As Robert admitted in the comments, he did a bad job of framing the question on TechCrunch and Twitter, partly driven by a desire to get you involved in answering it (ie getting more ppl like me excited and upset which is what people with journalism degrees sometimes do, obviously with some effectiveness). As such, I want to try to reframe the issue with some clearer questions and thoughts. NOTE: I did not read all the comments because I don’t think I cold avoid the impulse to scratch my eyes out or go deaf because of all the noise in that thread (personal aside: wow, do we need Insytes more then ever today).
Before going further, I want to point out that we should not unfairly target our good friends Ev/Biz and their hard working team which needs a real business model to ensure their service is sustainable. The reason for me dropping what I am working on for tomorrow night and PortlandSocial Media Club Seattle Tuesday night (both sold out unfortunately) is that this is really important question that should receive some critical examination. The issue is important to consider for all organizations online, most especially social networks, blogs and web services – but also for media companies, associations and other non-profits who work with advertisers, sponsors, donors and/or patrons.
This is clearly a discussion on disclosure first and foremost, but as a result, I hope other important lessons can be learned too…
Q1: Is Twitter adopting a pay to play model for being featured anywhere on its site? Are other sites doing this without making it clear? If so who?
A1: I don’t know, do you? Besides answering here in the comments, maybe we need a wiki page to list those who do things like this but dont disclose it properly?
Q2: Does this sort of advertising (and the sort that has GaryVee using adsense to promote his twitter account) have a positive or negative impact on other users? on the Web 2.0 / Social Media era? on the broader society? Does it matter at all? Q2b: Does this conversion of dollars into the power to get attention take away from our open/transparent/meritocratic ideals? In which situations is this ok?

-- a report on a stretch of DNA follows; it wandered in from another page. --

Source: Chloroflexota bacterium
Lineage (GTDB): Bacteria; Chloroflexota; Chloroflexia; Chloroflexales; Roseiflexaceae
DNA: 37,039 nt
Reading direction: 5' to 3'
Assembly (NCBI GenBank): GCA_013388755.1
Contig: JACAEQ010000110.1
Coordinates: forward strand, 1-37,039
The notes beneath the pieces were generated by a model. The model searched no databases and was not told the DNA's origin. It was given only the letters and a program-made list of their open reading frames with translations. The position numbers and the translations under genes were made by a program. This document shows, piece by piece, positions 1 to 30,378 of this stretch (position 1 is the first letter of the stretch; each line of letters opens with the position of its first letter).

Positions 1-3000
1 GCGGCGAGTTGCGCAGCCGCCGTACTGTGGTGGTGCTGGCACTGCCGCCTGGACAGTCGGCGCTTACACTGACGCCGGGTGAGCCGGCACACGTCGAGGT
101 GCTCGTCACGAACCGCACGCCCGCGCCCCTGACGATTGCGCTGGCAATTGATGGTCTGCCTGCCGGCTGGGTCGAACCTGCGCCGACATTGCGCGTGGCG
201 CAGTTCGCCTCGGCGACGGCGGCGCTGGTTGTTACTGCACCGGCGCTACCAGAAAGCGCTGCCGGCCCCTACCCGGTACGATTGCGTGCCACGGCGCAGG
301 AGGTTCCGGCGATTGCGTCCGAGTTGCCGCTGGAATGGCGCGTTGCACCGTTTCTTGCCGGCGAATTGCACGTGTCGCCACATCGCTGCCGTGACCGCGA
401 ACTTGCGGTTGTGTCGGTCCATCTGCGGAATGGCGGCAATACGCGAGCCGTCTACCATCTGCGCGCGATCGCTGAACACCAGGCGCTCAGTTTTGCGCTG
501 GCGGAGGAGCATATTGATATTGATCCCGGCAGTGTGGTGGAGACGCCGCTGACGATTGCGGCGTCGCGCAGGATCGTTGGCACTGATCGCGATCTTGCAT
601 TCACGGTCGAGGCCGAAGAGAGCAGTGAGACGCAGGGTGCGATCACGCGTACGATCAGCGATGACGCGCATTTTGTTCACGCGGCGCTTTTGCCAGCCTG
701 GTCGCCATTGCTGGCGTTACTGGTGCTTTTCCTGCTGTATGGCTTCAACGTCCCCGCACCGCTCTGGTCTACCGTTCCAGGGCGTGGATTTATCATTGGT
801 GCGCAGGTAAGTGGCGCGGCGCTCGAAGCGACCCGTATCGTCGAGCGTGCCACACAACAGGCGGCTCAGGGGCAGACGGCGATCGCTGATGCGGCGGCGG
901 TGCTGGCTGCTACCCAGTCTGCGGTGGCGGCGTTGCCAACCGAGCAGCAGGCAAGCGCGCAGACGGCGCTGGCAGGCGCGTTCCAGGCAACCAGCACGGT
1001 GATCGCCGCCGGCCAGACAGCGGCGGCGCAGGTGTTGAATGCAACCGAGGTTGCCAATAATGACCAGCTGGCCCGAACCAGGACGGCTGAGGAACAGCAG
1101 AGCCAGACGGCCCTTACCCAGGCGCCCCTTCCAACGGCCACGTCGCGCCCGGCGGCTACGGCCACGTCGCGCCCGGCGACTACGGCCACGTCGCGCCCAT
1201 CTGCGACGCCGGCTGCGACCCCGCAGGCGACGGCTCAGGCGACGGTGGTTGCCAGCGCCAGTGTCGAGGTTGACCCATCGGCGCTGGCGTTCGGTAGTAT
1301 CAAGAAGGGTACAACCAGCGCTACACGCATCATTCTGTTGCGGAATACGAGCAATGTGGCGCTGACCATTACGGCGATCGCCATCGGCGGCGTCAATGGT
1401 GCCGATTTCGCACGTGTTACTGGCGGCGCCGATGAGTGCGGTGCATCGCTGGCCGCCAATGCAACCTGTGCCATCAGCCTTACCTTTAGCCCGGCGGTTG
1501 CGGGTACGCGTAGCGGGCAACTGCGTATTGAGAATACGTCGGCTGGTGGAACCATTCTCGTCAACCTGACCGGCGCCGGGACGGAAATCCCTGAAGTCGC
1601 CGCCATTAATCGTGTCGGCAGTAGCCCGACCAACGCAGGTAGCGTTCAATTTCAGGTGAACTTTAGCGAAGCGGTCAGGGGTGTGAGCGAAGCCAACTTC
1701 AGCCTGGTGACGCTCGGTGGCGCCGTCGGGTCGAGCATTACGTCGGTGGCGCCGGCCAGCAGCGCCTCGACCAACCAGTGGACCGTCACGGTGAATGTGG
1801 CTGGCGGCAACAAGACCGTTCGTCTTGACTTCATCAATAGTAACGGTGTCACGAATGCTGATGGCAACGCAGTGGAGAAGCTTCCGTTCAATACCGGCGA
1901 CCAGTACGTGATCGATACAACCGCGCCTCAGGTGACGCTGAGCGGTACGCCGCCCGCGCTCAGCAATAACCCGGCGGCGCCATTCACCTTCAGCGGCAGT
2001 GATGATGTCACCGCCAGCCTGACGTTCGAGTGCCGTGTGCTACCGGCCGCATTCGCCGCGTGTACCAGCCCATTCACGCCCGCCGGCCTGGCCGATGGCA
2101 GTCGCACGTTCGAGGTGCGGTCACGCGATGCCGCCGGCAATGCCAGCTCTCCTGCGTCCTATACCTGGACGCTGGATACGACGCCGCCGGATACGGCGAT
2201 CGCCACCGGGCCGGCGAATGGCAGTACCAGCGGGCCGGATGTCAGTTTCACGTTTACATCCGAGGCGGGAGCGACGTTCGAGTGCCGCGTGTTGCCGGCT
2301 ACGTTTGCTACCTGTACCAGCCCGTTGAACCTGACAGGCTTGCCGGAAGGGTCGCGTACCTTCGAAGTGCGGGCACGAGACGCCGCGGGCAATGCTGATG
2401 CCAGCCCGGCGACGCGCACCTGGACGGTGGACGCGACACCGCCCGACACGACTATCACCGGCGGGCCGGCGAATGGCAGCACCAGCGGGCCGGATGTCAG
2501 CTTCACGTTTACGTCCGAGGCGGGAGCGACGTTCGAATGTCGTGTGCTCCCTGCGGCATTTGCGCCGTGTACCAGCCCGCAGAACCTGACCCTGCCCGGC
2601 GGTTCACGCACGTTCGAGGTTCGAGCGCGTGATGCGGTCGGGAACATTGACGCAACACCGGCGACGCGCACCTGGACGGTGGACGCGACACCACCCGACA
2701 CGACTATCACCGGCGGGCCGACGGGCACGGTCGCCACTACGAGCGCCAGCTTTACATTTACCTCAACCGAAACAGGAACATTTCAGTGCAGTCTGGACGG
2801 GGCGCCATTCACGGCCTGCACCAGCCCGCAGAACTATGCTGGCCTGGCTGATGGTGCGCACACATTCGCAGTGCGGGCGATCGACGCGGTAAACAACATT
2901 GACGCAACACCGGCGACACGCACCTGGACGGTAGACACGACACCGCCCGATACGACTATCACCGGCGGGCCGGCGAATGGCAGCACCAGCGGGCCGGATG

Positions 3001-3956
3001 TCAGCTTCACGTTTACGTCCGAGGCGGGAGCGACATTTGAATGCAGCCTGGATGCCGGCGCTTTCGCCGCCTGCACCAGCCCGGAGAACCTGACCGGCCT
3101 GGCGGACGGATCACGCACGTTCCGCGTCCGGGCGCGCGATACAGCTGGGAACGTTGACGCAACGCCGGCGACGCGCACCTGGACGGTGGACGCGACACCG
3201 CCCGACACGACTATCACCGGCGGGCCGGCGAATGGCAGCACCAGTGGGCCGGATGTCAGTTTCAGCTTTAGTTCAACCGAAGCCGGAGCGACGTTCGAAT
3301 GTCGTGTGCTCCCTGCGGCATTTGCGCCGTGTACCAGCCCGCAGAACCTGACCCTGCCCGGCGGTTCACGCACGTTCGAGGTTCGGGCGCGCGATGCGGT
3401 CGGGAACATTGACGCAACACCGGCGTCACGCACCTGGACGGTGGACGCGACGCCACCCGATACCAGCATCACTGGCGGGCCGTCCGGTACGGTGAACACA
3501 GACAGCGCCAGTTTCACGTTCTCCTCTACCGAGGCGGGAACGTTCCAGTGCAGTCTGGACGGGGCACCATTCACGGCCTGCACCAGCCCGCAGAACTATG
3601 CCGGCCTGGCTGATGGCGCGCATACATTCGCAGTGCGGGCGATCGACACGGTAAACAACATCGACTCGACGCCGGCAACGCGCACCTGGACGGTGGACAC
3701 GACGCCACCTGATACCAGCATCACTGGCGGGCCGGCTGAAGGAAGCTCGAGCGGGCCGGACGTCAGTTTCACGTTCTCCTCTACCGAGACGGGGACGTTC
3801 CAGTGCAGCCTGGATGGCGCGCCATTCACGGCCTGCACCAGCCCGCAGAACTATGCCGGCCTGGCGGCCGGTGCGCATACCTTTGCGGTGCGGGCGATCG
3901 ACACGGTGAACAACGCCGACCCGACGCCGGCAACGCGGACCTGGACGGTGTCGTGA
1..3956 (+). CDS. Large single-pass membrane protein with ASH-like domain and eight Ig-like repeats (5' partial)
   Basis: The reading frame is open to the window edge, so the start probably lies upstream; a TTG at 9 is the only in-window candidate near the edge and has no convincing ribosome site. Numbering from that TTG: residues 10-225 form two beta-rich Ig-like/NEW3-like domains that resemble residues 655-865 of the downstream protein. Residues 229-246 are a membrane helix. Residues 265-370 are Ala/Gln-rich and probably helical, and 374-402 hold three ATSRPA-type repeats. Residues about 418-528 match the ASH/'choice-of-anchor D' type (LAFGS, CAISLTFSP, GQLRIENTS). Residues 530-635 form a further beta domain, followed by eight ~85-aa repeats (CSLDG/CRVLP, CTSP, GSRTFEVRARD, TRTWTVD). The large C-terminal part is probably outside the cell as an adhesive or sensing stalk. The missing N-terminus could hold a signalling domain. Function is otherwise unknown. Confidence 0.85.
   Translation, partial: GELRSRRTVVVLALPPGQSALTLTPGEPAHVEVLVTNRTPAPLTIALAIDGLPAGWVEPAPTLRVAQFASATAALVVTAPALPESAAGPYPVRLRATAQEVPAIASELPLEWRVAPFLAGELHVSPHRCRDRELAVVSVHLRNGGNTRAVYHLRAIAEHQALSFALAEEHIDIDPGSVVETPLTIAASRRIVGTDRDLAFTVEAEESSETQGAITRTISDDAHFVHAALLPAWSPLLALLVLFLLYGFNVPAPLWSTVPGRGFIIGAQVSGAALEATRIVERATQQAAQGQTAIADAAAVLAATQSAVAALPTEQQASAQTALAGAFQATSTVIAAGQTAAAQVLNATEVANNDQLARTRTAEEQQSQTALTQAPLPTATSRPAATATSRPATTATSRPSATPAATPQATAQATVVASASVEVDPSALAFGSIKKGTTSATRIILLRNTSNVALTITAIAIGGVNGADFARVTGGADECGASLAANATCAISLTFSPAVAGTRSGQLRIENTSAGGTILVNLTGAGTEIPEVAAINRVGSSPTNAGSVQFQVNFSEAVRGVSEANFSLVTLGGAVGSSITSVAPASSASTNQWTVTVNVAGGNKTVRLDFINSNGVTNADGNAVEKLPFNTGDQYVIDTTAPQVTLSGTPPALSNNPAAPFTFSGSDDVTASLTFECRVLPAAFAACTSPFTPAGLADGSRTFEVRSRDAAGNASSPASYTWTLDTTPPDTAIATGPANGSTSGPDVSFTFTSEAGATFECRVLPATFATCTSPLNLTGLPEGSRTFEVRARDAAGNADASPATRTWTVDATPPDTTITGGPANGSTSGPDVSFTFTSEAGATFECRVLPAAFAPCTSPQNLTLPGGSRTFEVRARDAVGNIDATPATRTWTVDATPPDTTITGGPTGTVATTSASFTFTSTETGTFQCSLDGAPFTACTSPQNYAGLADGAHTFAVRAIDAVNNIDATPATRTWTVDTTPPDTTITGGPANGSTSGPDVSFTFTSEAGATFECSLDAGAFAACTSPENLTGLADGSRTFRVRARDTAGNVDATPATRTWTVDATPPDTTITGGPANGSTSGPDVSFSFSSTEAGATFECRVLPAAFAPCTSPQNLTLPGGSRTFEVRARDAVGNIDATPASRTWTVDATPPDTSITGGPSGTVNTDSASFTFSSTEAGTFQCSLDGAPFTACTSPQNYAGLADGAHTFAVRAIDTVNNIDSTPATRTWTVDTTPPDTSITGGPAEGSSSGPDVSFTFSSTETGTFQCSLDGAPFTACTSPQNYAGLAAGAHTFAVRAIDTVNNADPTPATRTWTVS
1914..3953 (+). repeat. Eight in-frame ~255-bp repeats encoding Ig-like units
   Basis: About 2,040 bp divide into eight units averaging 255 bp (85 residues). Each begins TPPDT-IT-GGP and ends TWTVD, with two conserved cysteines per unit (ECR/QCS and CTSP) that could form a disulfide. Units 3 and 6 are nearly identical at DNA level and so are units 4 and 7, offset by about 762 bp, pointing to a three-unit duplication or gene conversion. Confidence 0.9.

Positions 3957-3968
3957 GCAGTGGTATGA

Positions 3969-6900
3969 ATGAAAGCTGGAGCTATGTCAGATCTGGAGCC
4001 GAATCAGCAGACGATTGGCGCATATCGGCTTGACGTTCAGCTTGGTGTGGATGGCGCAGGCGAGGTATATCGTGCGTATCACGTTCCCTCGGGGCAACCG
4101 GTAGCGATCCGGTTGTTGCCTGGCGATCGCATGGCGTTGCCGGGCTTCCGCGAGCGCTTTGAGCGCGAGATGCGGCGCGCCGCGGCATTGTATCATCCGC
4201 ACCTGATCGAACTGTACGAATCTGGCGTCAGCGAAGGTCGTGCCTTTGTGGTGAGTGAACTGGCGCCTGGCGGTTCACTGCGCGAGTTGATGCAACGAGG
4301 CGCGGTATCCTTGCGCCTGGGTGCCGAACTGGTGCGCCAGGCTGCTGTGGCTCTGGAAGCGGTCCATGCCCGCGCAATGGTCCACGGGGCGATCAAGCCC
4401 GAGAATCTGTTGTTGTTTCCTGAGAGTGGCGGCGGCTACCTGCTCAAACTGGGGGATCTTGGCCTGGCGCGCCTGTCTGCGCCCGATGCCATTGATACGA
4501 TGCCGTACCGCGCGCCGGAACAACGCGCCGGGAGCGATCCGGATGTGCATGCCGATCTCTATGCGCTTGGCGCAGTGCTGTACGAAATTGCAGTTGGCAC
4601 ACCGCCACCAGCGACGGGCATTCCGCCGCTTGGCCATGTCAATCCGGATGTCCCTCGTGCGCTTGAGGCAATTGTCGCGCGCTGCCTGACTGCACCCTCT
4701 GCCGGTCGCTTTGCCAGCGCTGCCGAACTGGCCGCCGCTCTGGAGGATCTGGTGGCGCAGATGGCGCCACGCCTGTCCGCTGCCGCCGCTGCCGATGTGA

A2: I think it is ok accompanied by simple disclosures and transparency as that will reveal true intentions and we, as informed citizens, can make our own judgments on the value of that reccomendation. In the case of Garyvee, it just seems odd, but there is nothing wrong with that. Strategically he is the BRAND of his company (do you know what his company is?) so advertising his Twitter account does help his company/. Personally, I believe that strategically he would be better off putting WineLibrary.TV in the ads for increasing the overall awareness of his great wine buying advice site, despite the likely decreased click through rate from a non-personal, company branded ad. Of course, the mere fact of breaking ground in this way has led to plenty of other new followers for him as a result of people like me writing about it… but that’s Gary, always passionately leading the way for others to follow…
Disclosure: Just last week I contacted the folks behind TwitterCounter to see if we (aka me for @SocialMediaClub) could buy a ‘follow us’ ad on their top 100 page – as the noise gets louder, we need better ways for getting noticed. @SocialMediaClub was in the top 100 on TwitterCounter for several months until recently being kicked off the list by the volume of hollywood celebtrities joining conversation (which is a more interesting issue in itself to talk about a bit later).
Q3: Will the user community (especially new registrants) be better off if Twitter is open about how they are doing it?
A3: This is the only one I will answer in detail because I am sure that everyone will be better off. This is similar to the need to put the word advertorial on top of paid placement in print. People know a banner ad when they see it, but a ‘friendly recommendation’ that is soley based on the ability of people to pay that doesn’t inform the consumer is harmful to the spirit of transparency we are trying to manifest in the world. It may even potentially be an issue for the FTC, so let’s do our best to solve this before someone else does.
This hits on two of Social Media Club’s missions, both Media Literacy and Ethics. It’s hard enough for most people to know when they are being advertised too already, so this, if true, is a real problem for me personally and professionally.
Q4: Should celebrities and companies be on separate lists – should we have user ‘types’ to differenentiate and allow people to see different accounts? Shouldn’t companies (including perhaps our non-profit Social Media Club) with over 10,000 followers pay a reasonable fee for the service? It certainly would still be cheaper then a newswire for a press release]
A4: Well, let’s be honest, this is my suggestion not a question, so my answer to these questions is yes.
What do you think?